Redmond bowing to the inexorable march of cloud computing...
Microsoft has bowed to the inevitable and announced it is making its Office suite available as a subscription service in the cloud.
The new cloud offering - called Office 365 - launched in beta yesterday, with full worldwide launch in 40 countries planned for next year.
Office 365 will see Microsoft's productivity suite bundled up with its collaboration, email and unified communications web services SharePoint Online, Exchange Online and Lync Online. Microsoft Dynamics CRM Online will also be added to the offering next year.
Businesses are no longer asking whether they should move to cloud, according to Kurt DelBene, president of Microsoft's Office Division, speaking at the launch of Office 365, "but when and what to move".
"We are unequivocally at a pivot point in the adoption of cloud services," he added.
Microsoft will be offering two flavours of Office 365 - one for SMEs with up to 25 employees, and one for enterprises. The latter will include a sliding price per seat scale to cater for different types of users.
The list price for Office 365 for enterprises starts at $2 per user per month, for a basic service offering email functionality, rising to $27 per month for a fully featured productivity suite suitable for a C-suite exec. Volume discounts can also apply.
"One size does not fit all in this segment," said Chris Capossela, vice president of Microsoft's Office Division. "[Office 365 for enterprise offers businesses] a single platform for all their users. You're not going to use one company's solution for as certain set of users and another company's for another. That's a management nightmare."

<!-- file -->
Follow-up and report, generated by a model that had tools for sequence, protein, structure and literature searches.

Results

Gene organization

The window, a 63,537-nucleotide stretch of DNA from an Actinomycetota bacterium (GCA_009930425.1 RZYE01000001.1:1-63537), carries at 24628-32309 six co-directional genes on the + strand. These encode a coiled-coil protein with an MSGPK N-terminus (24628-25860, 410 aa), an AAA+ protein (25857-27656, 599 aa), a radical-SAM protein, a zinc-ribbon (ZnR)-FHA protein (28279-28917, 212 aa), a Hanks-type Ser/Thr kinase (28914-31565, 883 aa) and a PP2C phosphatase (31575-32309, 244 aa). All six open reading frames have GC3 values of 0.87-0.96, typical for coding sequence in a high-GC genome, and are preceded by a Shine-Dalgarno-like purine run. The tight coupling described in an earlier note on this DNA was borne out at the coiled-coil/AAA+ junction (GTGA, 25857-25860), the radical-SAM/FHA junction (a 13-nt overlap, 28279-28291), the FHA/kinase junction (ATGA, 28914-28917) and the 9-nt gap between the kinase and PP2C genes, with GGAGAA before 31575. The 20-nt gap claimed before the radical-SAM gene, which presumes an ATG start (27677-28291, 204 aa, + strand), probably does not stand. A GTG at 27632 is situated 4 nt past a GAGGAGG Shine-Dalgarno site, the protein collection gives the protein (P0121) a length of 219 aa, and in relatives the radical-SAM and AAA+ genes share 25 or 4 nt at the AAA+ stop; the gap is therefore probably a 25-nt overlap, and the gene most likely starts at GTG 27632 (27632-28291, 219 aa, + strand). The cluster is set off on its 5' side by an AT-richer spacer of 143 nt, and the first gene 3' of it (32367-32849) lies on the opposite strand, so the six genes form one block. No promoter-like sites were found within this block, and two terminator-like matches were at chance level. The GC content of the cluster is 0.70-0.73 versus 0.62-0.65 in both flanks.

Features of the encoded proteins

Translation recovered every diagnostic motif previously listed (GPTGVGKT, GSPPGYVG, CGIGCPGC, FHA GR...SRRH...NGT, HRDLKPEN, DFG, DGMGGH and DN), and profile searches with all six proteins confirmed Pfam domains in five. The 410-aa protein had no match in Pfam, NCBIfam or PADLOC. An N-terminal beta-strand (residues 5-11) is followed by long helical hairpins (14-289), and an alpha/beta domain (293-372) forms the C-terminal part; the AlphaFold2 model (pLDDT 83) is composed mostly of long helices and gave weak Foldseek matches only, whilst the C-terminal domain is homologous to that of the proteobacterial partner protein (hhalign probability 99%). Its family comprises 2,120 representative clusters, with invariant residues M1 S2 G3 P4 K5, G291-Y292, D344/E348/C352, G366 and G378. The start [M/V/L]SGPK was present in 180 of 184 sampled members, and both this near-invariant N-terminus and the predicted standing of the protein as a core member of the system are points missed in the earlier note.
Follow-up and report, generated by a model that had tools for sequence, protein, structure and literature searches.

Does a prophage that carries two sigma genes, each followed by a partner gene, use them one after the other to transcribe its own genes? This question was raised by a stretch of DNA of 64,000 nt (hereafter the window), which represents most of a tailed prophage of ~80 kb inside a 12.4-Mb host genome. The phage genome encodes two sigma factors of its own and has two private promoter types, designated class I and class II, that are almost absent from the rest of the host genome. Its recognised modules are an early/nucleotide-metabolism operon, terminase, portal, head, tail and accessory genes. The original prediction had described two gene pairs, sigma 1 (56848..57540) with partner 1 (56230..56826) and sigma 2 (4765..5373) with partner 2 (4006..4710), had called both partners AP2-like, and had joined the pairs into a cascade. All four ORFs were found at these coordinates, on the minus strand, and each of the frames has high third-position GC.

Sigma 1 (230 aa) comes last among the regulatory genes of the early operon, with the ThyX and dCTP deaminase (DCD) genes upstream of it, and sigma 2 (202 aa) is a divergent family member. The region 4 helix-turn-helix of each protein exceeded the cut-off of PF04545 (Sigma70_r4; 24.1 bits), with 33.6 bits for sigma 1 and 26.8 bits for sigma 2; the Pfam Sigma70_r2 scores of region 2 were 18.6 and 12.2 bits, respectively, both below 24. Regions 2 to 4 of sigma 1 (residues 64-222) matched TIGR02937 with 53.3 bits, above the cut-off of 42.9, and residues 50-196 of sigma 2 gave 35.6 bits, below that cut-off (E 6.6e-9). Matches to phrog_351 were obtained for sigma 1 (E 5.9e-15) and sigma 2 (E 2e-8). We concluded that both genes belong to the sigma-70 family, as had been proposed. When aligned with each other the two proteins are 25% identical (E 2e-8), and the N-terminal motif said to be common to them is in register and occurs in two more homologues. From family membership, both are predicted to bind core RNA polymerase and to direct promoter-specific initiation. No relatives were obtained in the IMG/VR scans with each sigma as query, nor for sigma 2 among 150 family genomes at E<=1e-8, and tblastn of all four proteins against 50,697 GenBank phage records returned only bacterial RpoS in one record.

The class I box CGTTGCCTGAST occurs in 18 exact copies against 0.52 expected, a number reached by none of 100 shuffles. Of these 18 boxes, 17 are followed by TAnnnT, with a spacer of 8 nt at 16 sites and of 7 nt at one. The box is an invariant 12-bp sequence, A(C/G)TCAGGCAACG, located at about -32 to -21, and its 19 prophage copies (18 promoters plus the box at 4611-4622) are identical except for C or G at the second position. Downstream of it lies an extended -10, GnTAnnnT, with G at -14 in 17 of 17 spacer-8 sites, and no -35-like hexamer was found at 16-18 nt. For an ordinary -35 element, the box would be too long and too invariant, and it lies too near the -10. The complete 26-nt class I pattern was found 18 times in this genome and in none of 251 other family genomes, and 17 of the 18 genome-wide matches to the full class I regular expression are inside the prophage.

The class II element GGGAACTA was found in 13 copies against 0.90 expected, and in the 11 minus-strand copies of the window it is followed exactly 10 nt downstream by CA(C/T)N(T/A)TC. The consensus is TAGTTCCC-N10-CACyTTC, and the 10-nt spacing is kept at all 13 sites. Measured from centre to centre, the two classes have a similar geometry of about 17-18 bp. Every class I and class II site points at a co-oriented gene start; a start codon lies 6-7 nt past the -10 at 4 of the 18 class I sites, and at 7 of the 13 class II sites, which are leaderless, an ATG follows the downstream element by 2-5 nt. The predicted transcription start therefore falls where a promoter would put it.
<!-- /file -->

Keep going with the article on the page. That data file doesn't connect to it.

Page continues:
Office 365 for SMEs will cost $6 per user per month - and will allow start-ups, entrepreneurs and SMEs to tap up the same enterprise-grade software as larger competitors, said DelBene. "They can compete with those large organisations immediately - right out of the gate," he added.
Redmond is also including...
...a 99.9 per cent uptime money-back guarantee for Office 365.
By putting Office in the cloud Microsoft is potentially leading one of its most lucrative cashcows to slaughter. Philip Carnelley, research director at analyst house TechMarketView, said that Office currently generates around $18bn in revenues per year - with the Office business accounted for almost half of Microsoft's total operating profit last year.
Moving to a software as a service (SaaS) subscription model is necessary for Microsoft to compete with the likes of Google and IBM in the office productivity sector, according to Carnelley, but "will squeeze margins" in Redmond.
"Microsoft can't afford to lose share but it also looks clear to us that moving to a SaaS solution - with its pay-as-you-go flexibility, the need to provide huge datacentres to support the applications and storage - will squeeze margins. More than that, a SaaS offering which only requires a browser means it'll become easier than ever to switch providers, which will impact on prices, further lowering margins and revenues," he said in a statement.
"This was a necessary step but the debates in Redmond must have been fierce," Carnelley added.
Microsoft's Capossela claimed Office 365 represents new business opportunities for Microsoft both at the low end - in reaching the IT department-less customers that they've never reached before - and also in the enterprise sphere as the company broadens its offering.
"Traditionally Microsoft has only competed in the software space which is about 15 per cent of any IT budget," said Capossela. "With Office 365 and out other cloud services we're actually now in much larger pool of IT spend because we're actually running a company's infrastructure."
In addition to Office 365 for SMEs and enterprises, Microsoft said it will launch Office 365 for education next year to target the academic community.